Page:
This Wednesday, the paper Helsingin Sanomat shines a light on an upcoming public transport shake-up in the capital city region that it says will make unrest about the western Metro extension look like child's play. Namely, Helsinki Region Transport (HSL) is planning a major overhaul of its zones and prices.
The new zone model would base the zone boundaries on their distance from the centre of Helsinki, designated by the letters A through D, from the inner to the outer zone. Helsinki, Espoo, Kauniainen and Vantaa will be located in the three innermost zones, or the ABC area.
If it sounds confusing, it is because it is, and HS writes that Helsinki politicians are already preparing for a massive backlash. The decision to split the capital city area into new zones was made already back in 2013, and the intention was to roll out the new system already in 2016. It is badly behind schedule, however, largely because the technology required for the complicated ticketing and information system is proving much more difficult than first imagined.
"We had an unbelievably hard time installing the travel card readers on different kinds of buses. Something that works on one bus doesn't work on another," HSL's CEO Suvi Rihtniemi tells the paper.
Of the 1,400 buses in HSL's fleet, just a few dozen are still not fitted with the reader at this stage. But the roll-out is also going to need to replace all of the tens of thousands of travel cards that are floating around the metropolis area with new ones that comply with the new system. No specific date has been set for the introduction of the new zones, and the prices of the tickets under the new scheme are still undecided, the paper reports.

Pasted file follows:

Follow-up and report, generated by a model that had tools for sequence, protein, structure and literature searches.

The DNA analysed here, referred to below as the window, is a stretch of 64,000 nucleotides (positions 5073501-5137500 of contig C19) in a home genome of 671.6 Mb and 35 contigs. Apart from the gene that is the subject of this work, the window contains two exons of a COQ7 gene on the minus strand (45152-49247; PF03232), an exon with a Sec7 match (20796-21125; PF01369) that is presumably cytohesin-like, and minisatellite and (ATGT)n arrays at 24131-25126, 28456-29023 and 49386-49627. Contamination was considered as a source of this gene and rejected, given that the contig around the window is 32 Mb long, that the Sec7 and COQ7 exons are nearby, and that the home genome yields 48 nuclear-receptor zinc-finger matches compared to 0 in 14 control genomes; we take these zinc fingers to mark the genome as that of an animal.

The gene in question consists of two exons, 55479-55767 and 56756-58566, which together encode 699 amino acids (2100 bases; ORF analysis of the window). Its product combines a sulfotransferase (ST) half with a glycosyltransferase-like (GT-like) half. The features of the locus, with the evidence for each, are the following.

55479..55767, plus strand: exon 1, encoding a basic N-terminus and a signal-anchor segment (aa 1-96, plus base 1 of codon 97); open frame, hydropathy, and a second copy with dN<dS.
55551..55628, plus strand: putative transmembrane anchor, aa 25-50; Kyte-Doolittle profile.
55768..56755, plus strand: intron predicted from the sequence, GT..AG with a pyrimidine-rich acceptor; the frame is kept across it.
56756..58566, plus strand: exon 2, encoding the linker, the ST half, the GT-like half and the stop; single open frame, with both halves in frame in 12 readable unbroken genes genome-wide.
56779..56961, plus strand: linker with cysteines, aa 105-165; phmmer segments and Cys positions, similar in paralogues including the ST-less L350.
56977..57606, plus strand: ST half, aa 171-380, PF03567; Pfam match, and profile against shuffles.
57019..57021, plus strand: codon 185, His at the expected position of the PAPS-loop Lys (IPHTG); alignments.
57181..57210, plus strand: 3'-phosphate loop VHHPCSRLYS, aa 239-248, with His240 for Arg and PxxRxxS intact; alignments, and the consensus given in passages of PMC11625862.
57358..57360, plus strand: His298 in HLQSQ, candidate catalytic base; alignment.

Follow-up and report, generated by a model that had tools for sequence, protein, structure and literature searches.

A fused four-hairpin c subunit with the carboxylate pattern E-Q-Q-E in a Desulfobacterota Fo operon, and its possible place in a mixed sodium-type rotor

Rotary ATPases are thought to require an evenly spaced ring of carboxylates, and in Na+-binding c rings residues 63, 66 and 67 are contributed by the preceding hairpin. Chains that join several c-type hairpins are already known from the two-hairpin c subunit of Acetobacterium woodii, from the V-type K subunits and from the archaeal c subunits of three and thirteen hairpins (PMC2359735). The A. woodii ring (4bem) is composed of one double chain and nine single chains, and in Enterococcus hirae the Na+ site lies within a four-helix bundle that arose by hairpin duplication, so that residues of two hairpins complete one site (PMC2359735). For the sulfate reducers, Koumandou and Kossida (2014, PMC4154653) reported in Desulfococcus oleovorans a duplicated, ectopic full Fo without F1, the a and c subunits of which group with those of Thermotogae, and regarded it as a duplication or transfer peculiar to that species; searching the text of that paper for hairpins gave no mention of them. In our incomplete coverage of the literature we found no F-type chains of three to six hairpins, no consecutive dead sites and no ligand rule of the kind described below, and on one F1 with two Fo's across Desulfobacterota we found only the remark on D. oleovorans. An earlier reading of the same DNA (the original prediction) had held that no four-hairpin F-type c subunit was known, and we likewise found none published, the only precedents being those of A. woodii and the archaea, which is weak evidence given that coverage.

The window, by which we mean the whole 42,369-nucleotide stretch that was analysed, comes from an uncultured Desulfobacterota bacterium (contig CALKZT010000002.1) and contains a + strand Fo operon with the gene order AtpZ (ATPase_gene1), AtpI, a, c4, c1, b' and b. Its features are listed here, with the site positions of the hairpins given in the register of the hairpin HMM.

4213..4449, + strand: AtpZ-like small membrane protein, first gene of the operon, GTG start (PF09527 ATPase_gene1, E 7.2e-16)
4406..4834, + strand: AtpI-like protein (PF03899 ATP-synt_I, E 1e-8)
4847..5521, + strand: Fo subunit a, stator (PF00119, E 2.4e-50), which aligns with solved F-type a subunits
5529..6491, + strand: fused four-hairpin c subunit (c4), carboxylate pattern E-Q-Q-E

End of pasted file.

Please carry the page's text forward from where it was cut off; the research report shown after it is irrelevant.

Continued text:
No to parents returning to work earlier
The tabloid Iltalehti features news of a poll commissioned by the news agency Uutissuomalainen, which asked Finnish residents their opinion on parents returning to work more quickly after the birth of a child. IL says 58 percent of the survey's respondents were against the idea. Low-income families were the most opposed.
The paper says the norm in Finland is for a parent – usually the mother, statistically – to stay home with a baby until the child is between 1.5 and 2 years of age. A recent bid in the Finnish Parliament sought to divide child care between the parents better, but failed.
Research from the state benefit administrator Kela has also found that half of Finns believe that the best time for a parent to return to work and start the child in day care is when the child is two years of age. Kela researcher Anneli Miettinen tells IL that women who tend to stay home longer with their young children often don't have a full-time job to return to.
More visas issued to visit Finland
The Tampere-based Aamulehti newspaper discusses a rise in visas being issued to Finland, especially in China. Jyri Lintunen from the Finnish Embassy in Peking tells the news agency Lännen Media that they have seen a 43 percent increase in visa applications, compared to one year prior.
In total, some 10,000 visas to Finland have been issued in China already this year, breaking all previous records. A Foreign Ministry representative tells AL that Finnair's fast connections, the new panda house in Ähtäri and an uptick in winter tourism are all behind the growing Chinese interest.
In general, there are more visas being issued to visit Finland than ever before. Last year, 817,000 were granted, while in 2016, the number was 541,000.
The country of origin of the overwhelming majority of the visa holders is Russia, where the improving economy and stabilized ruble has encouraged many residents to renew their multiple entry visas.
Stopping traumatizing turnover
And the Joensuu-based newspaper Karjalainen has a story this Wednesday on plans to submit a citizens' initiative to the new Speaker of the Parliament, Paula Risikko, today. The citizens' initiative asks for the repeal of plans to put the care of disabled person out to tender. The drive is supported by over 30 organisations advocating for people with disabilities.
A campaign to collect signatures gathered over 72,000 names, meaning that the Finnish Parliament is now obliged to discuss the move on the floor. The citizens' initiative makes the case that some life-long, obligatory services for the disabled, such as housing and interpretation services, be excluded from public tendering processes. It argues that the disabled would suffer if people who help them with their personal hygiene, medication and communication with others are switched too often.